Stories in this Theme

Peter and Annette Marriott have done a lot in their time together on Cape York Peninsula.

The Marriotts run Ninda Creek, a 9,000 acre cattle property near Lakeland, on southern Cape York.

Annette was born in Cooktown, and Peter moved to the Cape in the early 70's to manage Crocodile Station. 45 years later, he hasn’t quite made the fortune he dreamed of back then, but Peter and Annette still love living and working on the Cape.

Stories from the people who live, breathe and work Cape York Peninsula, managing the land and our future.

First episode available Friday 10 February 2017.

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Cape York NRM delivered Sustainable grazing management and on-ground works: maintaining Cape York’s resource base for sustainable management and use – reducing pests and weeds, improving water quality
in 2013-2016. The project was funded by the Queensland Government’s Queensland Natural Resource Management Investment Program.

Organisations across Cape York are working together to educate people about the need to deal with their rubbish responsibly when travelling around the Cape. Funded by the Queensland Government and coordinated by Cape York NRM, the campaign targets both locals and tourists and urge them to plan ahead for responsible waste disposal before they even hit the road.   

The project involves the establishment of a native plant nursery at Chuulangun for the purpose of revegetating and stabilising degraded areas on the upper Wenlock River. It is anticipated that revegetation along the river banks will help control soil erosion problems, which are currently causing damage to the downstream fluvial ecosystem. Fencing will be erected at revegetated points along the river to prevent people, stock and feral animals from entering vulnerable erosion areas.

During 2002-2003 meetings were held with Minister Robertson and the CEO of Sunwater, Mr Peter Noonan regarding the issue of the noxious fish 'Tilapia' escaping from Lake Tinaroo and infesting the Mitchell River and other Gulf Rivers. After demonstrating the legal implications Sunwater agreed to give this project their full support and has spent approximately 1.2 million dollars to install mesh screens and associated infrastructure to prevent the escape of Tilapia into the Mitchell River system through the irrigation channels.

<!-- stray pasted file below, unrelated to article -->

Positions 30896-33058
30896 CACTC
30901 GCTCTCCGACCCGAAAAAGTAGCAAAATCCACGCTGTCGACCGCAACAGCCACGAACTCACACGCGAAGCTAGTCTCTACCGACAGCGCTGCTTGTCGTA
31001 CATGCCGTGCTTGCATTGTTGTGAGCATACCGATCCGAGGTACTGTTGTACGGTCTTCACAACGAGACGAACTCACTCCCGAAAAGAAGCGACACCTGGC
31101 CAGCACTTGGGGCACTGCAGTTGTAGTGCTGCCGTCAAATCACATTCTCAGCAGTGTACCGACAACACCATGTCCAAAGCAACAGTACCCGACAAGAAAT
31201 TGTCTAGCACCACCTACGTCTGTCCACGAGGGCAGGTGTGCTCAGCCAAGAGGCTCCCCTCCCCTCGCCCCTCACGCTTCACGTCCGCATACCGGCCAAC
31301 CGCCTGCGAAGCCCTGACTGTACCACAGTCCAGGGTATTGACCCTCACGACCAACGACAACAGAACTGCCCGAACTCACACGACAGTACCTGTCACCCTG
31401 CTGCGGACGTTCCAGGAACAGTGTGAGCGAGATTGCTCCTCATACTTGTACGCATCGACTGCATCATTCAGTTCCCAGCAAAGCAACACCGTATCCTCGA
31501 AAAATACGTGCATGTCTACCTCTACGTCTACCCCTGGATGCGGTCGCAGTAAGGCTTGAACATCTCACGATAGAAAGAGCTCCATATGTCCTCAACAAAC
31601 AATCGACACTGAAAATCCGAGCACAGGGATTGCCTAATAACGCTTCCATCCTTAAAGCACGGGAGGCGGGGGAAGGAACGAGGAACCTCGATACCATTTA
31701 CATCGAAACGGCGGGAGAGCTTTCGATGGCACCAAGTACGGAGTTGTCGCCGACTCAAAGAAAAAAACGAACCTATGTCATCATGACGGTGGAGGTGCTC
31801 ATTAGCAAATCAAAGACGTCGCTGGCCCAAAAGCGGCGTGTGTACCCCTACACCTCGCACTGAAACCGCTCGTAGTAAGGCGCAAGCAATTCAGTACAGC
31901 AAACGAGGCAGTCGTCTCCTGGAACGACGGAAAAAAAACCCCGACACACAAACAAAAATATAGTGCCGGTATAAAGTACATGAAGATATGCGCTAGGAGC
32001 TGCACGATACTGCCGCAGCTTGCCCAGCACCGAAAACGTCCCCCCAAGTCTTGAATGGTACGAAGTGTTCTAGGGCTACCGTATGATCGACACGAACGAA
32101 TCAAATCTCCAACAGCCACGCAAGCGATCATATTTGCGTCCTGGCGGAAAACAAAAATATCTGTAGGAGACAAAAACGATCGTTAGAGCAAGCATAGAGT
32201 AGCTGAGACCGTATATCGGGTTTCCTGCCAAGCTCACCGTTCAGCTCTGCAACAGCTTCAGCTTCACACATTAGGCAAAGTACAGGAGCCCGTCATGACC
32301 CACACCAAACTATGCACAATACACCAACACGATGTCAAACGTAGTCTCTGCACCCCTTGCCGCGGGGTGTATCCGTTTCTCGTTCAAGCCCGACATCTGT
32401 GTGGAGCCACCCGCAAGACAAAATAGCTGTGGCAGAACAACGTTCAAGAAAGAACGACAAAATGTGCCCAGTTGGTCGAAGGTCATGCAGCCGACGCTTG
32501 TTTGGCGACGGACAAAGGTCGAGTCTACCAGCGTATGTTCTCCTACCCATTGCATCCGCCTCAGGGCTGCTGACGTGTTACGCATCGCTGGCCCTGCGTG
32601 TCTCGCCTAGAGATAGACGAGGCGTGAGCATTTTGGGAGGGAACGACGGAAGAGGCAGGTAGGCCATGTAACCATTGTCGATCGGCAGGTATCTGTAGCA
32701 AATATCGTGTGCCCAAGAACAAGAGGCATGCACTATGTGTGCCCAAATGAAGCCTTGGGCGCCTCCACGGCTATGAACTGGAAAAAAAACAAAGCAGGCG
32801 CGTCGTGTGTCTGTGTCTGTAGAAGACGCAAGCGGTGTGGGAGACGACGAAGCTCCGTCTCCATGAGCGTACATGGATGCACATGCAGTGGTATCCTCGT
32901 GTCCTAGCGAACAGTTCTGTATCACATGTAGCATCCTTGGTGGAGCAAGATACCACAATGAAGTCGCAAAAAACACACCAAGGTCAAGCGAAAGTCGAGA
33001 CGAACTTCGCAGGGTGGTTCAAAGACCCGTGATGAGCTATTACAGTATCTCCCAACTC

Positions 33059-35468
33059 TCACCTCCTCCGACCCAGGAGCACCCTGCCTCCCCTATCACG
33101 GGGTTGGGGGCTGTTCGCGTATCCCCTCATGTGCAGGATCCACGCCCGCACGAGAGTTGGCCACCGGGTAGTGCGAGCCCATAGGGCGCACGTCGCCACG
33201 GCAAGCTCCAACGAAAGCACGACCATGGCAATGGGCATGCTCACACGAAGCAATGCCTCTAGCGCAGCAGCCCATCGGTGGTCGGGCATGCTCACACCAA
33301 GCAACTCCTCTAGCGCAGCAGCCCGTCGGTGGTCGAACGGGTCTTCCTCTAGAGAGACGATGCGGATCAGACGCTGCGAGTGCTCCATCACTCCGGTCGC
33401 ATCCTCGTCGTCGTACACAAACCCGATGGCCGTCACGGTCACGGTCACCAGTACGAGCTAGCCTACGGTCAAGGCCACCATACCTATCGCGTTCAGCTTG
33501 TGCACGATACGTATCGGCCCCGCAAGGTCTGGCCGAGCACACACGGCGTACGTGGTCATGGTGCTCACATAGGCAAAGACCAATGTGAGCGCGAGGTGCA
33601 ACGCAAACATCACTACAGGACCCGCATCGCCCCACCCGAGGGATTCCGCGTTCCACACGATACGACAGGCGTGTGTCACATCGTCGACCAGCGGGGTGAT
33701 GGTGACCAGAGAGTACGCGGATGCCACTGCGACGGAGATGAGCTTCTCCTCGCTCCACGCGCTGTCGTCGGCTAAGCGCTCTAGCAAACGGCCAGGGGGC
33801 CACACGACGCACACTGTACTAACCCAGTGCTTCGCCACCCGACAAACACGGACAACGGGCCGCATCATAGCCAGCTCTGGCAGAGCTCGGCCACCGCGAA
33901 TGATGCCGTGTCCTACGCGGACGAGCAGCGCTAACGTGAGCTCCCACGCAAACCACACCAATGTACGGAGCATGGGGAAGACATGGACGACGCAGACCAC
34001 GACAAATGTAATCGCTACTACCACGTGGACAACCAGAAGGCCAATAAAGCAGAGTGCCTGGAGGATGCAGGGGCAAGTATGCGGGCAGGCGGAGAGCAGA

Rubber vine (Cryptostegia grandiflora) is an invasive weed that is choking out many woodlands and riverside areas throughout northern Queensland. Not only does it create dense thickets, removing pastoral country from production, it is a refuge for feral pigs and removes ground cover promoting erosion along creeks and rivers. Rubber vine is relatively fire sensitive provided the stem base of each plant is heated. Burning in the late dry season will yield high intensity fires that may kill most juvenile plants and 50–70% of adult plants. Fires of this intensity need

Preventing new weeds from establishing and key processes for management.

What it looks like: This largest of marine mammals can grow to 30 m long. It is a mottled blue-grey, and has a very small fin towards the end of its back. It filters food from the water through numerous long grooves on its throat. Difficult to see, Blue Whales spend most of their time below the surface of the water.

Wild Rice is a perennial that grows to approximately 2m, with erect vivid green stems; it dies off in the dry season.

The presence of Wild Rice indicates a healthy environment that has not been invaded by weeds.